Wind Farms Blowing Strongby Gail Kinsey Hill
The Oregonian - October 28, 2005
Portland's PPM Energy has become the country's most prolific builder
WASCO -- As PPM Energy prepared to celebrate today the completion of its Klondike II wind farm in Sherman County, it was already hard at work on its biggest undertaking yet: a 200-megawatt 130-turbine project across the river in Washington's Klickitat County.
The new wind farm, scheduled to come online next summer, would be one of the largest in the Columbia River corridor, an area known for its windy conditions.
Other national developers are involved in projects of similar size -- or larger -- throughout the Northwest and across the country, as wind energy becomes an increasingly mainstream and profitable industry.
"There are a lot of giant players -- big banks, big developers, a lot of smarts kicking around," said Peter West, director of renewable programs for the Energy Trust of Oregon. "The industry is rock-solid and ready."
PPM Energy, a Portland-based subsidiary of ScottishPower, this year will build 574 megawatts of wind-powered capacity throughout the country, more than any other developer, according to company officials.
ScottishPower also owns Portland-based PacifiCorp but is trying to sell the utility to MidAmerican Energy Holdings Co. of Des Moines, Iowa. ScottishPower said it has no plans to sell PPM Energy, just 4 years old and already profitable.
Several market forces are giving the wind industry a big boost. One is the production tax credit, a federal subsidy aimed at easing up-front development costs and making wind-power prices competitive with more traditional forms of energy.
Another is the huge jump in the price of natural gas, which fuels most new power plants. Power-cost run-ups are forcing utilities and other power purchasers to look for ways to diversify their resource portfolios, and they're turning increasingly to renewable sources such as wind.
"Three years ago, we had a hard time getting the time of day" from potential wind-power buyers, said Terry Hudgens, PPM Energy's chief executive. "Now they're saying, 'Can you do it for me tomorrow?' "
Wind power remains a small part of the overall mix. By year's end, it will account for about 1.5 percent of electricity consumed in the Northwest.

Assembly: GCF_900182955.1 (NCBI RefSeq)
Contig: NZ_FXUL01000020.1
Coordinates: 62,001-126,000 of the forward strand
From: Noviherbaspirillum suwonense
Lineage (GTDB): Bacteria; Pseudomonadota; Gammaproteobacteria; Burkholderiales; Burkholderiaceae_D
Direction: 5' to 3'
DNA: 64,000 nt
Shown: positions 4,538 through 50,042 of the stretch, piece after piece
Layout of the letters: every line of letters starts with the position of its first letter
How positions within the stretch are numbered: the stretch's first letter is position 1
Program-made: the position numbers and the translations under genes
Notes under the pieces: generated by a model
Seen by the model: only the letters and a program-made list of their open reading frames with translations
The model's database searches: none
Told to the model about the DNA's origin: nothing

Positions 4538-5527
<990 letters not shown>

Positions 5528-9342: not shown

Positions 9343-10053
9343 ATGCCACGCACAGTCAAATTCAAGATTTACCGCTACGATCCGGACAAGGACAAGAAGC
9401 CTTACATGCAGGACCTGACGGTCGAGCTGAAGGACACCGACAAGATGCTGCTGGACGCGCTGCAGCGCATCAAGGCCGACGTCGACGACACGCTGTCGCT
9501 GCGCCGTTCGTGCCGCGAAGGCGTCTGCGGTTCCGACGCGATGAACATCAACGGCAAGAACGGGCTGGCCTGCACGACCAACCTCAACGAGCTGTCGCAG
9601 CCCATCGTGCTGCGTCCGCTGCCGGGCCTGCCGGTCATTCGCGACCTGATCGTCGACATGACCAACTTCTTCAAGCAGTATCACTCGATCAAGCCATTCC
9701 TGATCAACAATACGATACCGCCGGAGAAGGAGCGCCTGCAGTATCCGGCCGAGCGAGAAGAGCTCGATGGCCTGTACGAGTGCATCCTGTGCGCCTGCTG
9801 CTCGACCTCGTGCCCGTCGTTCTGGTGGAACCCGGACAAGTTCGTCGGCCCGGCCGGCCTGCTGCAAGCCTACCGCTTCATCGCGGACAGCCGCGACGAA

"It's a small but growing number," said Rachel Shimshak, director of the Renewable Northwest Project, a coalition of public-interest organizations and energy companies that support the development of renewable resources.
Hudgens expects the boom in wind-farm development to continue through at least 2007. Then, the production tax credit will expire, which could cool the frenzy. In 2004, when an earlier version of the tax credit ended, development all but ceased.
Randall Swisher, executive director of the American Wind Association, said his trade organization will push for the credit's extension. It also will seek a renewables portfolio standard that would require the nation to generate 10 percent of its electricity from renewable sources, such as wind and solar, by 2020.
In any event, wind energy is becoming increasingly competitive with coal and natural gas, and more attractive to big-money investors such as banks and energy conglomerates.
"You wouldn't have the likes of Goldman Sachs in the game if it was just a three-year play," Swisher said.
Goldman Sachs, a New York investment bank, bought Zilkha Renewable Energy, one of the nation's leading wind-power developers, in June. It renamed the company Horizon Wind Energy.
Sherman County boom
Nowhere is the rapid-fire development more evident than in Sherman County near the tiny farming town of Wasco. Klondike I and II, both owned and operated by PPM Energy, have brought 100 megawatts of capacity online, enough to power about 25,000 homes annually.